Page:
Note to readers: If your Bay Area book club, service group or other organization is looking for a speaker and discussion, I’d be happy to present about my books, the late 1960s, current events or any other related topics of interest! I’m available in November, December and in 2018. Please contact me at: elisefmiller68 at gmail dot com.
I’d like be able to say that I wrote my newest book, published by Sand Hill Review Press this September, in response to my utter distress at Donald Trump’s lewd comments about assaulting women, made to Bobby Bush of Access Hollywood and on view for all to hear and see during the run up to the 2016 election.
Truth is, no. The writing, editing and publishing process is a long one. I began this novella in 2015, before Trump was more than an annoying reality TV personality, always out for attention and self-aggrandizement.
When I finished my first novel, A Time to Cast Away Stones (2012), I swore I was “over” the ‘60s! I had wanted to research and understand the era in which I came of age, and to fathom my own feelings and decisions in the late 1960s. I left Berkeley to study in Paris in spring, 1968, albeit under different circumstances than Janet Magill, and I returned to UC Berkeley to graduate in June, 1969. Years later, with titillating and ever-celebratory stereotypes from those years of my youth taking over the mainstream media, I knew that my memories did not match those images and explanations.
So, I buckled down to study my own era. And then I had many satisfactory answers and a novel I felt good putting out into the world. I was done, wasn’t I?
When readers began to ask me “What happened to Janet Magill and Aaron Becker after Paris? Did they ‘get it on’?” – I had no reply! The answer began to gnaw at my brain. About the same time that Tory Hartmann of Sand Hill Review Press decided to give “Stones” a facelift—re-released as The Berkeley Girl, In Paris 1968 in September 2016, I made an amazing discovery.
London experienced an historical protest and strike the very week that the fictional Janet left Paris and went to meet Aaron across the Channel. The Ford Motor machinists’ strike for reclassification and equal pay for women is what set me up for Janet’s journey as a woman and a fighter for equal rights. This was something that my protagonist knew nothing about in Berkeley or Paris, and would have learned about only upon arrival in London! I was convinced she would want to sink her teeth into this cause.
So although it wasn’t the presidential misogyny which prompted my plot and the quirky British characters in The Berkeley Girl: Rendezvous in London, the American president’s blatant disrespect for women, and the willingness of so many Americans to ignore it, confirmed my decision to make the feminist cause – needed now as much as ever – a theme in this novella-length sequel.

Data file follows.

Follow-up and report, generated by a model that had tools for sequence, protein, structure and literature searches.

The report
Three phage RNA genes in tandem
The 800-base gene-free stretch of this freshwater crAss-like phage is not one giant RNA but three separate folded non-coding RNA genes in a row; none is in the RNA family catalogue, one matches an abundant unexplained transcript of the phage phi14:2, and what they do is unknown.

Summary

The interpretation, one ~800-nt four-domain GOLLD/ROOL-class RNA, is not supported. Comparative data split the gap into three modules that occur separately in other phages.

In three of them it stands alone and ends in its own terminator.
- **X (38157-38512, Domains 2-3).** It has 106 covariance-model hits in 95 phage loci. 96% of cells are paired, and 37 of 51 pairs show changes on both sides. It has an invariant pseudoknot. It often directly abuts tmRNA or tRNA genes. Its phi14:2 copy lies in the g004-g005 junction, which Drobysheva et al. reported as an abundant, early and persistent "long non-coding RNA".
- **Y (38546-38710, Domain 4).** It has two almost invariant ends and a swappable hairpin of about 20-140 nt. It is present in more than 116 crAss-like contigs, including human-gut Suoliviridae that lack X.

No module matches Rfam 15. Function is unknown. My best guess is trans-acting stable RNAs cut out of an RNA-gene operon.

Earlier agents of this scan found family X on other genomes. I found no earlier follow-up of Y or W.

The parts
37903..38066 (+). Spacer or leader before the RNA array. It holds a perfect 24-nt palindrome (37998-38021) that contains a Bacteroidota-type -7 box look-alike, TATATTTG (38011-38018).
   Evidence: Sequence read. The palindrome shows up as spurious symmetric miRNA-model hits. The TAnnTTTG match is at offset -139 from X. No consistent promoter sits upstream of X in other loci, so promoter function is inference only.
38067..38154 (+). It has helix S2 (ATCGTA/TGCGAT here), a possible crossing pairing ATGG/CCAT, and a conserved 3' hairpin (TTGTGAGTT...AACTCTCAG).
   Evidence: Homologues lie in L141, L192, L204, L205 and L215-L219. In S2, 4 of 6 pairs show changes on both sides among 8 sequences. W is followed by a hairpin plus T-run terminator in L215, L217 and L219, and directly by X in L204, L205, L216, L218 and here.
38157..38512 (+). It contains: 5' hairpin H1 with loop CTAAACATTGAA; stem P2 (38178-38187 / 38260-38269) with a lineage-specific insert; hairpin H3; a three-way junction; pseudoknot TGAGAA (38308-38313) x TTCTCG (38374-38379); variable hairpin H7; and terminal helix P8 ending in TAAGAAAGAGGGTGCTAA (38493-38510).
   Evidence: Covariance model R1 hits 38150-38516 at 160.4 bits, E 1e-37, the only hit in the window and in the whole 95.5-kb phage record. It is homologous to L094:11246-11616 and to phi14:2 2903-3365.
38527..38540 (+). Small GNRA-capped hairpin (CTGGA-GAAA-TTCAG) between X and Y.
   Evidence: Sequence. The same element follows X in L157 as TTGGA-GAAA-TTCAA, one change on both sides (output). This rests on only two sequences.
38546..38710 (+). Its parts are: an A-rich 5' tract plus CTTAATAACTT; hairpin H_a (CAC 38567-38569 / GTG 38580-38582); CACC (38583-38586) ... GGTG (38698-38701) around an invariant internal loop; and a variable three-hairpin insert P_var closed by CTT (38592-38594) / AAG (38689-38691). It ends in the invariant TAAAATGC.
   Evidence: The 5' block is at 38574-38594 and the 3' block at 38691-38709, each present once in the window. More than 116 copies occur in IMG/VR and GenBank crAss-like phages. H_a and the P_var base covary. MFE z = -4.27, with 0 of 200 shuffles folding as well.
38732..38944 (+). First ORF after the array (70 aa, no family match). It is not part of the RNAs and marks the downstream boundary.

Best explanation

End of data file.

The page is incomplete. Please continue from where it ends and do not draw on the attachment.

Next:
Aaron’s draft dilemma and Vietnam War protest, along with Aaron and Janet’s future together, are, of course, still the major themes. Never fear, dear readers, you will find out if they made a go of their romance! But my own relationship to the feminism of the late 60s and early 70s played into some of feelings, opinions and reactions of my characters.
As I was writing the sequel, other unexplored aspects of my own ‘60s experiences flooded my consciousness and awareness. A visit to a cousin in the Haight Ashbury in 1969 became “Jazz Reflections,” in which a middle aged man looks back on his college love affair and questions the decisions he made. Memories of my own struggles with my loving mother sparked “The Wedding of My Dreams.” And out of my recent genealogy studies and a fascination with Peter Coyote’s autobiographical Sleeping Where I Fall, came “The View from Pond Hill Farm,” a story of a boy’s mixing with clashes between hippie communes and Midwest family farms in the burgeoning civil rights era.
This story collection and its look back at the late 1960s resonate today. Please write with your questions and comments, and I will respond! I hope the book will make people think deeply about all of our divisions and about our common humanity as well.
Looking forward to reading the sequel! And thanks for the behind-the-scenes look at what led you to it. I always like getting a glimpse into what motivates writers to choose their subjects (or, in some cases, how their subjects choose them).
Thanks, Audrey. I’d love to hear what you think of the book. BTW, with this book, Tory has changed my genre from “historical fiction” to “literary fiction.” After you’ve read it, I’d value your objective opinion about that decision.